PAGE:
Quote:
Oh and I wounder if said weight goes up as a barge passes over said pileing ??? or if it is evenly distributed and displaced by the boyency of said barge ???
Not really. If you could just drop a barge in the middle, there would be a local spike in the weight until the displacement was spread out (which would be very rapid) -- the water level over the whole bridge would rise a tiny bit and each support would share the load.

Since the barges are introduced via locks, the water level in the lock is matched to that of the bridge, and each barge displaces its weight in water, so there is no net increase in weight. This would be the same as if you could drop it in and then remove water until it was back at the original level, returning it to the original weight.

As long as the water level is maintained and there are only floating objects, the weight remains the same.


tw  Thursday Oct 27 10:46 PM

Above is new version of an old technology. Roebling demonstrated suspension bridges in 1848-1851 by building four suspension bridges to carry 30+ foot coal carrying barges from Carbondale PA destined for NYC on the Delaware and Hudson Canal. This technology was later used in 1883 to create the Brooklyn Bridge.

Some pictures of Roeblings oldest and still existing bridge. Second is before side walls were restored. This bridge carried something like seven feet of water, 20 feet wide, for about 130+ feet across the Delaware at a junction to the Lackawaxen River (what now empties Lake Wallenpaupak).


Yes those are people under that bridge that was built by hand:



Sun_Sparkz  Thursday Oct 27 11:11 PM

you could catch a flathead on your way to work anyway......



Lizsun  Thursday Oct 27 11:21 PM

Simon and Garfunkle,"Like a Bridge of untroubled water over troubled water, I won't lay me down . . . or I'd drown"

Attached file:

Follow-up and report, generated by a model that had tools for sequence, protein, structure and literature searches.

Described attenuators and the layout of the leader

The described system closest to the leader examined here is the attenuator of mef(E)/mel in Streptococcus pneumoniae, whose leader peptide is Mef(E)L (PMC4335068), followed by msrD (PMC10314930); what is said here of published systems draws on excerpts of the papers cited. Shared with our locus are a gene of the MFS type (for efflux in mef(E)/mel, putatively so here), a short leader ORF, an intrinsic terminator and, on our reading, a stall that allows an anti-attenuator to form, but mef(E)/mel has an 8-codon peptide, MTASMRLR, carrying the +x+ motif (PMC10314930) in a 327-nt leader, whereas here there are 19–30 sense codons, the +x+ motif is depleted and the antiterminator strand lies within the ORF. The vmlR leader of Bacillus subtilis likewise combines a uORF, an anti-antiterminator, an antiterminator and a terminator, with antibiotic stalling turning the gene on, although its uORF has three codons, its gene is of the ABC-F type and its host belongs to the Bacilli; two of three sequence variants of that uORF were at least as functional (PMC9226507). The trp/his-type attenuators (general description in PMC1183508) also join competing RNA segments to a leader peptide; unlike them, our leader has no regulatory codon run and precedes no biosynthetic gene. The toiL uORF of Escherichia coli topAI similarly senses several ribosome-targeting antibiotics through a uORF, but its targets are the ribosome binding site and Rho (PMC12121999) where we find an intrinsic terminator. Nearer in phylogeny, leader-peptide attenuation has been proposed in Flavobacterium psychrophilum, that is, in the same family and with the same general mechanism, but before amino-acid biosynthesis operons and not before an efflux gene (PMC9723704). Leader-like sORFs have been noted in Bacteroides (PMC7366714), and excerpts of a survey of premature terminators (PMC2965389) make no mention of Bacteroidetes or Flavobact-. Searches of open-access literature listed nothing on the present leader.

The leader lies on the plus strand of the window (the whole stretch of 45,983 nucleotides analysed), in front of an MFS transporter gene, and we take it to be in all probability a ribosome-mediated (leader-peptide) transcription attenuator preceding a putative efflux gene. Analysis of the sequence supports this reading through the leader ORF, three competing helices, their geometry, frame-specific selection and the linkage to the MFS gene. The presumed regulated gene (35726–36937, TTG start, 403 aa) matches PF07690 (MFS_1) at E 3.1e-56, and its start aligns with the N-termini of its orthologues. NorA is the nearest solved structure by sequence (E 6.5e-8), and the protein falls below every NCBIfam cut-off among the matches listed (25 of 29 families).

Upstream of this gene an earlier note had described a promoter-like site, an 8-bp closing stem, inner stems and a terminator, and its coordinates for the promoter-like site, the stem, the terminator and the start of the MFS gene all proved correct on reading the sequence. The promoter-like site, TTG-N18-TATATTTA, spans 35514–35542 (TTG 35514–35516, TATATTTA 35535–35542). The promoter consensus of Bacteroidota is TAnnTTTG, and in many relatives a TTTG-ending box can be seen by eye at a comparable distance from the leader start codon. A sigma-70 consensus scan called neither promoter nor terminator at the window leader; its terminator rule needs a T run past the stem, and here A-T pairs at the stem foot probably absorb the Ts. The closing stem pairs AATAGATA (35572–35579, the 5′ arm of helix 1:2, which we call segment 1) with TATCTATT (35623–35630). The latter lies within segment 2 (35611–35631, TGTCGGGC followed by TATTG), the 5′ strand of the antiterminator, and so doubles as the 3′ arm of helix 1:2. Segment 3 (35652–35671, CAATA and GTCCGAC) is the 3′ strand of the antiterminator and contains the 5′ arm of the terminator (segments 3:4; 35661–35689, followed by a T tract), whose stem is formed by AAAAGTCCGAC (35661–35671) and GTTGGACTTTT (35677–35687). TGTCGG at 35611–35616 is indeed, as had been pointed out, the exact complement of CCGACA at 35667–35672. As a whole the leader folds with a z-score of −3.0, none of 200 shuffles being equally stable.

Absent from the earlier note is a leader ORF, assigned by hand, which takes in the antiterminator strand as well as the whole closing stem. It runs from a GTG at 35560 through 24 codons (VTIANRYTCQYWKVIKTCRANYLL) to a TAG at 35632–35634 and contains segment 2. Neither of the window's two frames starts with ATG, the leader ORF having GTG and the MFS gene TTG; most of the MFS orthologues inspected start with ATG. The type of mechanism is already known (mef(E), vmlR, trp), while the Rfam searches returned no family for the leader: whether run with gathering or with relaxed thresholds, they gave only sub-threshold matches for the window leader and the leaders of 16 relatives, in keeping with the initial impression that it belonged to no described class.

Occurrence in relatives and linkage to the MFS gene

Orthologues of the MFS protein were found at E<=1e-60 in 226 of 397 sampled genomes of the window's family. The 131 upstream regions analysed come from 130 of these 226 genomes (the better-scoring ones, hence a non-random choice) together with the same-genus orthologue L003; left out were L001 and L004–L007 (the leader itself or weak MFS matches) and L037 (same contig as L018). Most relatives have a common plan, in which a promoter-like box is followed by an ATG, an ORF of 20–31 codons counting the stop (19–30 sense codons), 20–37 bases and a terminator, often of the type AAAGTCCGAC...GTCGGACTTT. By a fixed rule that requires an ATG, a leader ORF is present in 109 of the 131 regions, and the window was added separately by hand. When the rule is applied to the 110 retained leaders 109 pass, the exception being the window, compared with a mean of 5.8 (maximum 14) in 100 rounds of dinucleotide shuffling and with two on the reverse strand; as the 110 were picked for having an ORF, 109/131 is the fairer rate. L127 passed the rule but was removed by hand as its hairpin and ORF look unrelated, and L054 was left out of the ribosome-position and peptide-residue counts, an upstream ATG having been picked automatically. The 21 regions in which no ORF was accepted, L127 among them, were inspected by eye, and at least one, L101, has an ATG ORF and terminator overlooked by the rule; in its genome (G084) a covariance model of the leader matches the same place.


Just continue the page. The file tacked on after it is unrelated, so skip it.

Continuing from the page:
Liz
http://lettingmebe.blogspot.com



xoxoxoBruce  Friday Oct 28 02:31 AM

Quote:
(it's effectively just a thick layer of water on top of a highway...),
4.25 meters thick and 30 meters wide, layer of water.


capnhowdy  Friday Oct 28 09:27 AM

I need to know how they keep the water level regulated. I'm sure they pump the water into it some way. What is at either end? Seems to me that gravity is not your friend on a project like this. But then again... I'm no engineer.



Sundae  Friday Oct 28 10:05 AM

Quote:
Originally Posted by capnhowdy
I need to know how they keep the water level regulated.
Have you decided to build one?


busterb  Friday Oct 28 10:25 AM

The Falkirk Wheel. http://www.thefalkirkwheel.co.uk/ind...20DESIGN&aux=1 FYI



capnhowdy  Friday Oct 28 10:26 AM

a question is not an answer

an answer is not a question

but for the record... no, not today.



capnhowdy  Friday Oct 28 10:28 AM

Thanks for the link busterb. Very interesting.



xoxoxoBruce  Friday Oct 28 11:49 AM

Yeah, good one Buster.

capnhowdy, I believe one end is the same level as the canal system and the other end has 2 locks to drop to the level of the other canal system.



RobPett  Wednesday Nov 2 02:02 PM

For those of you with Google Earth installed, here are what I THINK are the coordinates: <52.2310791033, 11.7016471392>. Looks like it's still under construction in this satellite photo...



glatt  Wednesday Nov 2 03:00 PM

Quote:
Originally Posted by RobPett
For those of you with Google Earth installed, here are what I THINK are the coordinates: <52.2310791033, 11.7016471392>. Looks like it's still under construction in this satellite photo...
Cool. Thanks. That's the start of a long canal system. I had no idea how many canals there were in East Germany.


noviceathome  Thursday Nov 3 09:42 AM

zippyt. no. yes exactly. where the barge is the equivalent weight of water isn't.